A

David

Darling

American Civil War

12th April 1861. Confederate troops bombed Fort Sumter, above which flies the flag of the federal government. This was the first drama of the Civil War

12th April 1861. Confederate troops bombed Fort Sumter, above which flies the flag of the federal government. This was the first drama of the Civil War.


Confederate and Federal states

Confederate and Federal states.


Members of the Confederate cavalry

Members of the Confederate cavalry.


The huge, armored Merrimac encounters the Federal ship Monitor

The huge, armored Merrimac encounters the Federal ship Monitor.



The rift between North and South had been widening for some time. In the South the wealthy landowners depended on the labor of Black slaves. But the more industrialized Northern communities were opposed to slavery. Moreover, the South condemned the economic policy of the North. In order to protect their own industries Northern businessmen wished to restrict the import of foreign manufacturers. In addition there was the mutual antipathy of the proud, cultured Southerners for their brash 'Yankee' fellow-countrymen of the North.

 

In November 1860 Abraham Lincoln was elected President of the United States. He was known as a 'black republican', on account of his opposition to slavery, Although he said he would not abolish slavery in states where it existed, he was determined that it should not be extended to the new states in the west. The slave states of the South had no intention of being ruled by Lincoln, and in December 1860 South Carolina announced that she had seceded from the Union, meaning she was no longer a member of the 'United' States. By the time Lincoln was inaugurated as President in March 1861 six other slave states – Florida, Georgia, Alabama, Mississippi, Louisiana, and Texas – and followed South Carolina. They formed a new union of their own – the Confederate States of America – and elected a distinguished soldier, Jefferson, as their President.

 

Lincoln was convinced that the Southern states had no right to leave the Union. But could he use force? The question was decided for him when in April 1861 the Confederates forced Federal troops to surrender Fort Sumter outside Charleston. Lincoln regarded this as an act of insurrection or revolution. He summoned 75,000 soldiers, and the North prepared to restore the Union by force. In the South, Virginia, Arkansas, Tennessee, and North Carolina joined the Confederates; the scene was set.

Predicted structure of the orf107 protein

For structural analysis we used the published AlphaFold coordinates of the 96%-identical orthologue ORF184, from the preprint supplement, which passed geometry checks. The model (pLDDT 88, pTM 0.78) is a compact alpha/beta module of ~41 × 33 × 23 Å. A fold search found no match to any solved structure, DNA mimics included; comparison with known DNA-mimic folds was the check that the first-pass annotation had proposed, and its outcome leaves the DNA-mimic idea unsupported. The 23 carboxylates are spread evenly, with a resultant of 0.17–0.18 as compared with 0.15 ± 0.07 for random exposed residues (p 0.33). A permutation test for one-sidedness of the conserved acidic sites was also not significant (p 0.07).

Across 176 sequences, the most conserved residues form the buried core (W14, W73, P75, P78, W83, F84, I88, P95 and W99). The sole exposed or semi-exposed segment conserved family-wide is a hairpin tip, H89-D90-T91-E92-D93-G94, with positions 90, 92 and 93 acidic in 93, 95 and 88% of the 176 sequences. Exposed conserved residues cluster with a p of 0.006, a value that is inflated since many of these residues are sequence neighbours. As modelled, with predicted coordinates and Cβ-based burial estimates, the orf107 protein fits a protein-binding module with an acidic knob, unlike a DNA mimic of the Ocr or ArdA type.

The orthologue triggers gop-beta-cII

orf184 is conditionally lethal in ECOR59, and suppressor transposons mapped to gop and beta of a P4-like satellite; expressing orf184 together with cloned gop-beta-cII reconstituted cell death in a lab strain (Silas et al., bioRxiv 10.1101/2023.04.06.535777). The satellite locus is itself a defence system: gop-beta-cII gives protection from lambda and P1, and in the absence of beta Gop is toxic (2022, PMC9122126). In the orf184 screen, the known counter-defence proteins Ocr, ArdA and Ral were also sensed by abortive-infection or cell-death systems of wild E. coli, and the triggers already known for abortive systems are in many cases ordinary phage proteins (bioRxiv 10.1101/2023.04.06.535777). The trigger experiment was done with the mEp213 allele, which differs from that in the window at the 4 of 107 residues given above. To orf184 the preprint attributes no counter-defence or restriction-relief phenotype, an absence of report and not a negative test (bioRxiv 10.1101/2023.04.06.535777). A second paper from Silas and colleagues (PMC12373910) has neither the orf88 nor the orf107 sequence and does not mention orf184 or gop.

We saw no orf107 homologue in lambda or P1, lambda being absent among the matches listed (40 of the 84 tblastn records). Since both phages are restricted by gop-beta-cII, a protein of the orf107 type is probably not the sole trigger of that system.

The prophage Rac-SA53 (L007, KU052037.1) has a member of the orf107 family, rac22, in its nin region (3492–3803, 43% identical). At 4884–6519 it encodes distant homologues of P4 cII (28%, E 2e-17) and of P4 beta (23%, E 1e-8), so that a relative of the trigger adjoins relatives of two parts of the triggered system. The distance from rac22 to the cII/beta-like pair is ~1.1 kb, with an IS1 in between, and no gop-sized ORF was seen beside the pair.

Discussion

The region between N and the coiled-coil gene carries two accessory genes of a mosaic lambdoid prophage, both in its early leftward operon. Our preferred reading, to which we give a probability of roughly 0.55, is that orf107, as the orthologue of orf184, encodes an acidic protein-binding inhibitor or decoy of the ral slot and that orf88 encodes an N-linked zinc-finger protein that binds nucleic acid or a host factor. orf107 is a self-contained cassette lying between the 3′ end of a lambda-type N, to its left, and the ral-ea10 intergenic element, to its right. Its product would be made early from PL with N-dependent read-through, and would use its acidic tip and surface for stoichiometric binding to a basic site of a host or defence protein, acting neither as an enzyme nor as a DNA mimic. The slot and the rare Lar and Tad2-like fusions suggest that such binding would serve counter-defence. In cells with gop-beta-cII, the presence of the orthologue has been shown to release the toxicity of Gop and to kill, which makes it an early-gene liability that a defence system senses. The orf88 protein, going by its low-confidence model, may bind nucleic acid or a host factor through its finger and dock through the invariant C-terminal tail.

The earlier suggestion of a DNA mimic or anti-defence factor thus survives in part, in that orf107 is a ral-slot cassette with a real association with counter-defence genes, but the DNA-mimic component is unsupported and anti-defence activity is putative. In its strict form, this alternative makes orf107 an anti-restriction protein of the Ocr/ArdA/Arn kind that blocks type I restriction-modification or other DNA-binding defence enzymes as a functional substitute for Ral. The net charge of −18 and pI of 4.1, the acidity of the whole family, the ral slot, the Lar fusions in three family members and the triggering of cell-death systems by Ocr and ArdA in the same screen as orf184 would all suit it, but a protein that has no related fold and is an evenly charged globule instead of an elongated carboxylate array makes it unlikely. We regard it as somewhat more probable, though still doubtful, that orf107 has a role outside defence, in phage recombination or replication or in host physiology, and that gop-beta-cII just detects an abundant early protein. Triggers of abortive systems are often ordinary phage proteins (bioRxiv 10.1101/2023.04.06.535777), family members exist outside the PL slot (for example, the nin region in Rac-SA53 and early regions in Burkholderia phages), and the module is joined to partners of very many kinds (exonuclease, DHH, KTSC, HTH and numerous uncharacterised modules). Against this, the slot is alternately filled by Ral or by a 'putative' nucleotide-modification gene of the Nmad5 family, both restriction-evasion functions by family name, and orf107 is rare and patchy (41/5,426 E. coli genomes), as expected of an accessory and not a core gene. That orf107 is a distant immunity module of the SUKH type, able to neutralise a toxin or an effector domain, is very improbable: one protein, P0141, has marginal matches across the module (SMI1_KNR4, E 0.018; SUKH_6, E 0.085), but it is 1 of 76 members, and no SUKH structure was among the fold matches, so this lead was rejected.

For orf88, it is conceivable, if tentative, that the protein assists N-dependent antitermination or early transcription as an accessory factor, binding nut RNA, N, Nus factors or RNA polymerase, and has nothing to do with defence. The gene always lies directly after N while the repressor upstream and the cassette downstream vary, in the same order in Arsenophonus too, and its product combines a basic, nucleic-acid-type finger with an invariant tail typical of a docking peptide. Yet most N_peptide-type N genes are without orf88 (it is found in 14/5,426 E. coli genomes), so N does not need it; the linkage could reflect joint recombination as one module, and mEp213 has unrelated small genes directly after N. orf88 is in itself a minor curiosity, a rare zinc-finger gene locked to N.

Advantages of the North

On paper the South was much weaker than the North. She lacked the North's productive capacity and consisted of 11 states as opposed to 23. Her population was less than half the North's, and after secession the Confederates had to create new instruments of government and administration. And the South was far from 'solid'. Many people in Georgia, Alabama, Mississippi, and Louisiana supported the North, while the West Virginians formed a separate state and joined the Union later in the war. The South's prosperity depended upon exports, but the American navy, supporting the North, blockaded the Southern ports, so preventing the export of her staple crop, cotton. The Southerners made one attempt to gain naval supremacy. In 1863 they fitted a captured frigate with ten guns and plated it in armor. This ship, the Merrimac, caused havoc until another iron-clad ship, the Monitor, was launched by the Union against her. In their first encounter Merrimac was defeated.

 

The South did have a few advantages. Her generals were superior and her soldiers more used to handling firearms.

 


Invasion of the South

The Confederacy had gathered an army of 400,000, but its strategy was defensive. It fully expected France and Britain to intervene on its behalf. Yet the European countries remained neutral; the South stood alone.